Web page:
five southern states, allow or require collective bargaining for teacher unions. but today nine states are considering limiting or eliminating that right all together, wisconsin showing the way. >> it's come to a head, where we're not going to see benefits any more for public employees, at least not in wisconsin. >> reporter: governor walker says if his budget relief bill isn't voted on and passed by this friday, layoff notices for as many as 1,500 state workers could be sent out as early as next week. brian? >> a hot time continues in the cold of madison, wisconsin. mike taibbi on it for us tonight. mike, thanks. and when we come back this evening, can't you just see how the rest of this plays out? the violence we've been covering in the middle east and northern africa right to your gas pump here in the united states. and later, is there a link between cell phones and brain cancer? tonight there is new research.
we have more on the chaos in libya, specifically, how it hits home. and threatens to have a direct effect on americans at the gas pump. drivers in california, alaska, hawaii are already paying more than $3.50 a gallon for regular unleaded. some other places too. and the danger is, the rest of the country could start seeing those prices steadily. that could have a big nasty ripple effect on the economy as a whole. our report from nbc's tom costello. >> reporter: with 44 billion barrels of oil underground, libya has the largest oil reserves in africa. but it accounts for less than 2% of global oil exports, mostly to europe. still, with some of libya's oil production shot down, oil and gas prices have shot up, mostly on fear the unrest will spread. a barrel of oil for april delivery today surged more than $5 to $95 a barrel. the highest levels since 2008. at the pump, regular unleaded is now averaging $3.17 a gallon up
5 cents in a week. at $3.56 a gallon, diesel is up 14 cents in just a month. at this truck stop in arizona, we found daniel bailey hauling fruit and vegetables. >> we're spending more on fuel than what we're making to live on. >> reporter: and higher gas prices translate into higher prices for everything else, food, clothing, you name it. now the predictions are for $3.30 to $4 a gallon by the summer. and if the unrest in the middle east continues, hold on to your gas cap. >> if the turmoil were to spread to saudi arabia, which supplies the world with 10% of its supply, we could see gasoline prices rise to $4 to $5 a gallon. >> reporter: that could cause serious damage to the economy. >> it hits lower income people, it hits businesses like airlines. and in general, it takes spending out of the economy, at a time when we need more spending in our economy. >> reporter: real americans paying the price for revolution. tom costello for nbc news,
on shore. now, a bit of a warning here, for those of you watching with little ones, these pictures are sad and may be too much. while on the other hand, american adults should see what's happening there. while no one yet is saying definitively what it is, our chief environmental affairs correspondent anne thompson has the latest on this mystery in already troubled waters. >> reporter: this is the heartbreaking scene repeated along a 100 mile stretch of the northern gulf of mexico. dead baby dolphins washing ashore, 19 since january, discovered in ten different locations in mississippi and alabama. trying to unravel the mystery behind the deaths, scientists from the institute of marine mammal studies. >> normally we see one or two calves that are found dead during january and february. this is almost a ten-fold increase, which is a considerable spike and is of significance. >> reporter: some dolphins are
stillborn, others have lived just a few days. though the cause has yet to be determined, a prime suspect is the bp oil spill. these calves would have been conceived just before the deepwater horizon rig blew up. their mothers may have passed through waters and eaten fish exposed to the oil and dispersants. >> the oil spill is a major event that happened, and we have to look to what may have happened to the food chain. it may be just a coincidence, but it is a very significant coincidence. >> reporter: he cautions rushing to a conclusion, there could be other factors as well, such as temperature change in the gulf waters. with no visible signs of oiling on the baby dolphins, scientists are testing tissue samples looking for oil, chemicals or anything else that may have caused these deaths. they hope to get the results in two or three weeks and solve this latest mystery of the deep.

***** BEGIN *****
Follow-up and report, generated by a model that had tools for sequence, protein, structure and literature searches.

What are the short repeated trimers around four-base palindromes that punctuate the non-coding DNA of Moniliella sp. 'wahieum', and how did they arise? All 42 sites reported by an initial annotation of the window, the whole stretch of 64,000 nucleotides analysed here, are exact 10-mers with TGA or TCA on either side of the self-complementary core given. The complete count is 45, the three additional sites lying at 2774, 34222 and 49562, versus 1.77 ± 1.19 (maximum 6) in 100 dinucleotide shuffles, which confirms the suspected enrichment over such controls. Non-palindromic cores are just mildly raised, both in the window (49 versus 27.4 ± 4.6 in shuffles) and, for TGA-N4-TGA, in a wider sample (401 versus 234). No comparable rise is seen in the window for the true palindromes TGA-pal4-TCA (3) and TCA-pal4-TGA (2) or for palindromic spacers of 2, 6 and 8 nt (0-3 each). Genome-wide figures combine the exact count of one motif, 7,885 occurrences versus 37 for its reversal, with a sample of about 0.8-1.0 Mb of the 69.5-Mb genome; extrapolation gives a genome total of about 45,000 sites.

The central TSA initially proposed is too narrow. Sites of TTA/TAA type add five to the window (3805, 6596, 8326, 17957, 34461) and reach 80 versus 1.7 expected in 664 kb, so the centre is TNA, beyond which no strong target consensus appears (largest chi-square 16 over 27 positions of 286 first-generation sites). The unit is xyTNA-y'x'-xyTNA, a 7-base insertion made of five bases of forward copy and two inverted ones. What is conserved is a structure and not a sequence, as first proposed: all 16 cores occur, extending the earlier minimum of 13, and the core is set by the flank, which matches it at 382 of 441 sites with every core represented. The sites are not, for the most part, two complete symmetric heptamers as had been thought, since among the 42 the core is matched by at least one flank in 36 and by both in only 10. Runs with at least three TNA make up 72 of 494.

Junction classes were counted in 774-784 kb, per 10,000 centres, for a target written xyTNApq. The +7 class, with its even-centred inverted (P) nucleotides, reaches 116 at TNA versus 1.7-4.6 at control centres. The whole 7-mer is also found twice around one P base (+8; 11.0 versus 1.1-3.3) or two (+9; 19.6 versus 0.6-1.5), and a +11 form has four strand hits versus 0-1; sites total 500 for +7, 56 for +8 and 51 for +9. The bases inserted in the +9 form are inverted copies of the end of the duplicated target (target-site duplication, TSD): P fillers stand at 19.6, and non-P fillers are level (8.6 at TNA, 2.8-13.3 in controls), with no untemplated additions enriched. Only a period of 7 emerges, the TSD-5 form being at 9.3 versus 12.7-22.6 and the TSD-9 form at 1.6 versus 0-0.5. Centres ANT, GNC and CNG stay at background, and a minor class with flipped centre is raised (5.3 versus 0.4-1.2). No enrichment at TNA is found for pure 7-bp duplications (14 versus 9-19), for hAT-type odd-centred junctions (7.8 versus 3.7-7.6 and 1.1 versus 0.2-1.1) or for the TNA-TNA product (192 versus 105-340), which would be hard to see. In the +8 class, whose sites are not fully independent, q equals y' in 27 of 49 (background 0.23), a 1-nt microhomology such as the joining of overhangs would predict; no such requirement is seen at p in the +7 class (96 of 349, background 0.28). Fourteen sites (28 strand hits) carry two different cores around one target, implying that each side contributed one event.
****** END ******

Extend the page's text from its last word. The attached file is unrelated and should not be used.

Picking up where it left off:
we have a lot of news tonight. this one's been talked about and whispered about. it's always been the fear about cell phones. when held up to the ear, do they cause brain cancer? although the science isn't clear, a lot of people long ago made the switch to hands free devices. and tonight, while not definitive, there is some intriguing new research about what happens in the human brain when using a cell phone. here with the story, our chief science correspondent, robert bazell. >> it's the first time scientists have measured changes in the brain caused by radiation from cell phones. >> this area that you have here. >> the director of the study, from the national institutes of health, says there's no evidence of health effects, but she still plans to change how she uses her cell phone. >> i can use my cell phone with a wired ear piece or i can text. >> reporter: the researchers placed cell phones on mute, but
still transmitting signals next to the heads of volunteers for 50 minutes. then using a brain pet scanner, they saw the brain cells near the cell phone antenna increased temporary activity. the brain cells light up the same way when someone has a thought, moves a toe, sees a light or carries out any function controlled by the brain. so other brain scan experts are not so concerned. >> there's nothing in this paper that suggests that cell phones have any adverse effect or any harmful effect on the brain. >> reporter: most physicists, who study radiation, have always said that cell phones could not cause brain tumors or other health problems. >> the cell phone doesn't emit enough power to be damaging to the human body. >> reporter: the cell phone industry also says there's no evidence of danger, many people remain concerned. cell phone use in this country alone has grown from 4 million in 1990, to almost 300 million last year. the latest finding calls for
more research. feeding a concern that shows no sign of letting up in our ever more wireless society. robert bazell, nbc news, new york. and that's our broadcast on this busy tuesday night. thank you for being here with us. i'm brian williams, and as always, we sure hope you can join us right back here tomorrow evening. good night.